When Matt Schicker and Heather Curran took
over direction of the Gallery Players’ Black Box New Play Festival
last year they made a dramatic departure from with the past.
Instead of focusing on presenting new one-act plays, they inaugurated
an active program of developing plays throughout the season,
with the festival as the culmination of the effort.
"If you’re trying to provide a structure for playwrights to see their work you can establish a relationship and allow the plays to go through a development process," Curran told GO Brooklyn. "Depending on what playwrights give us, it might be a long or short process."
This is the first time in the festival’s seven-year history that it will present one full-length play, "Wedding Album," by Joe Lauinger, for two weekends.
"We’re running the full-length play for a total of eight performances because we wanted to give more people the opportunity to see the play because of the amount of work the playwright, the actors and the directors put into it," said Schicker.
The play, which recounts a wedding day, has 13 characters and seven unique scenes. Curran, who is directing, says that each scene could be done separately, so it fits nicely into the Black Box format, which before last year was limited to one-acts.
"This is the kind of play I probably wouldn’t have sent out to a regular theater because of the number of actors involved," said Lauinger. "I was inspired by the Black Box form. They generally have six or seven one-act plays in an evening. I thought in those terms. So what the play really consists of is seven one-act plays. They all interconnect to make one play."
Lauinger, a professor of dramatic literature at Sarah Lawrence College who has had plays produced at the Black Box Festival every year since its inception, gave the first draft to Curran last fall and she arranged a reading before a small audience. He believes the audience response was important, but even more important was the conversation with Curran afterward.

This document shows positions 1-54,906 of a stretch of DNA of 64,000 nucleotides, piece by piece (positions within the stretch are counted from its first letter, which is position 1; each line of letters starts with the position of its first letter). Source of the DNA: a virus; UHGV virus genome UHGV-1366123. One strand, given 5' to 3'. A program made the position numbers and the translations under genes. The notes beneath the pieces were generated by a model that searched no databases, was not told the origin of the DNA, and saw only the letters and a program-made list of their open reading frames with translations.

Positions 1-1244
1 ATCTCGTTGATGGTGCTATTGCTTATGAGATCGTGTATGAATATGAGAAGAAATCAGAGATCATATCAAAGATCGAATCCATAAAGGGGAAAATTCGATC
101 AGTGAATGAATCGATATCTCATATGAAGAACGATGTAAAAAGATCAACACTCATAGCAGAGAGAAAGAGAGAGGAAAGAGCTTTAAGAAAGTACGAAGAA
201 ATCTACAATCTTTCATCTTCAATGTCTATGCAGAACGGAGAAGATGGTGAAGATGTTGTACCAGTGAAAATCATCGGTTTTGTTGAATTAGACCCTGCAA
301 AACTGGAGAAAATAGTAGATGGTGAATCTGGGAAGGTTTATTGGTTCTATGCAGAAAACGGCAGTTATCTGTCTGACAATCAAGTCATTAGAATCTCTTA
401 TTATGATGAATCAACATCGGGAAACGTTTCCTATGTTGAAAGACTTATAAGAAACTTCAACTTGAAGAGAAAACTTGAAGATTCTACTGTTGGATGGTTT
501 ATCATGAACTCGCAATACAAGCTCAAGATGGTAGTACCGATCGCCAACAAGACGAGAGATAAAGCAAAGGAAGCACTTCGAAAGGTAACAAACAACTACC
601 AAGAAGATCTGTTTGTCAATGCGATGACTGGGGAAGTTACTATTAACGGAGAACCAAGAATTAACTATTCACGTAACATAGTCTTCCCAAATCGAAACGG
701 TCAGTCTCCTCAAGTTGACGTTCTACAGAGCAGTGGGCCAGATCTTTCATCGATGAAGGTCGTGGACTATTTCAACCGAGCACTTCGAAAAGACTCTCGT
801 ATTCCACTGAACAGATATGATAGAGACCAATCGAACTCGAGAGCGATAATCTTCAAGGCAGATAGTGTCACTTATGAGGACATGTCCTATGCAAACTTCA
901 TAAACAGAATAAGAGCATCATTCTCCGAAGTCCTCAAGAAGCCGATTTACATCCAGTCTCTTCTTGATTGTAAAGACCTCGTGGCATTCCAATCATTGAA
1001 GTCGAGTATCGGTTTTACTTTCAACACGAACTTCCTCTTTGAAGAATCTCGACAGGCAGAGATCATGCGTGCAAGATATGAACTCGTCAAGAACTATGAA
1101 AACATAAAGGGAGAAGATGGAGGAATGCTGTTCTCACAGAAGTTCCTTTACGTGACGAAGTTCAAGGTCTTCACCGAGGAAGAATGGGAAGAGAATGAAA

"I generally don’t like workshops," he commented. "But Heather makes them special."
Daniel Damiano, who plays the groom in Lauinger’s play (he was last seen at the Gallery Players in "Bedroom Farce," which opened the 2003-2004 season), is also the author a one-act, "The Dessert Cart," which will be presented the third week of the festival.
"It’s theater of the absurd, much like Pirandello or Ionesco," he said. "A couple is dining at a Euro-cafe. They are waiting for the dessert cart to arrive so they can try a special dessert - marble cheese cake. But things get more complicated. It’s metaphysical, crazy and fun."
Although they have just begun casting, Damiano is very pleased with his director, Joseph Rosswog.
"He’s very smart. He has a real understanding of the text. But he’s also completely willing to question," he said.
Indeed, Curran said that she and Schicker have been trying to attract more experienced directors who know how to work with playwrights. "There are lots of directors in New York City," she said.
Schicker believes the direction the Black Box Festival has taken benefits not only the playwrights but also the audiences.
"The audience is seeing better plays. They’ll be able to see that more work has gone into the plays," he said.
Black Box New Play Festival performances take place Thursdays, Fridays and Saturdays, at 8 pm, and Sundays, at 3 pm, starting June 3. A free staged reading of a new play, "The Fall of the House of Kate," by Mary Grisolano, takes place on Saturday, June 26 at 3 pm. Tickets are $15 for adults and $12 for children under 12 and senior citizens. A Festival Pass, which admits a patron to one performance for each of the four weekends of the festival, can be purchased for $20. The Gallery Players is located at 199 14th Street, between Fourth and Fifth avenues in Park Slope. For reservations, call (718) 595-0547.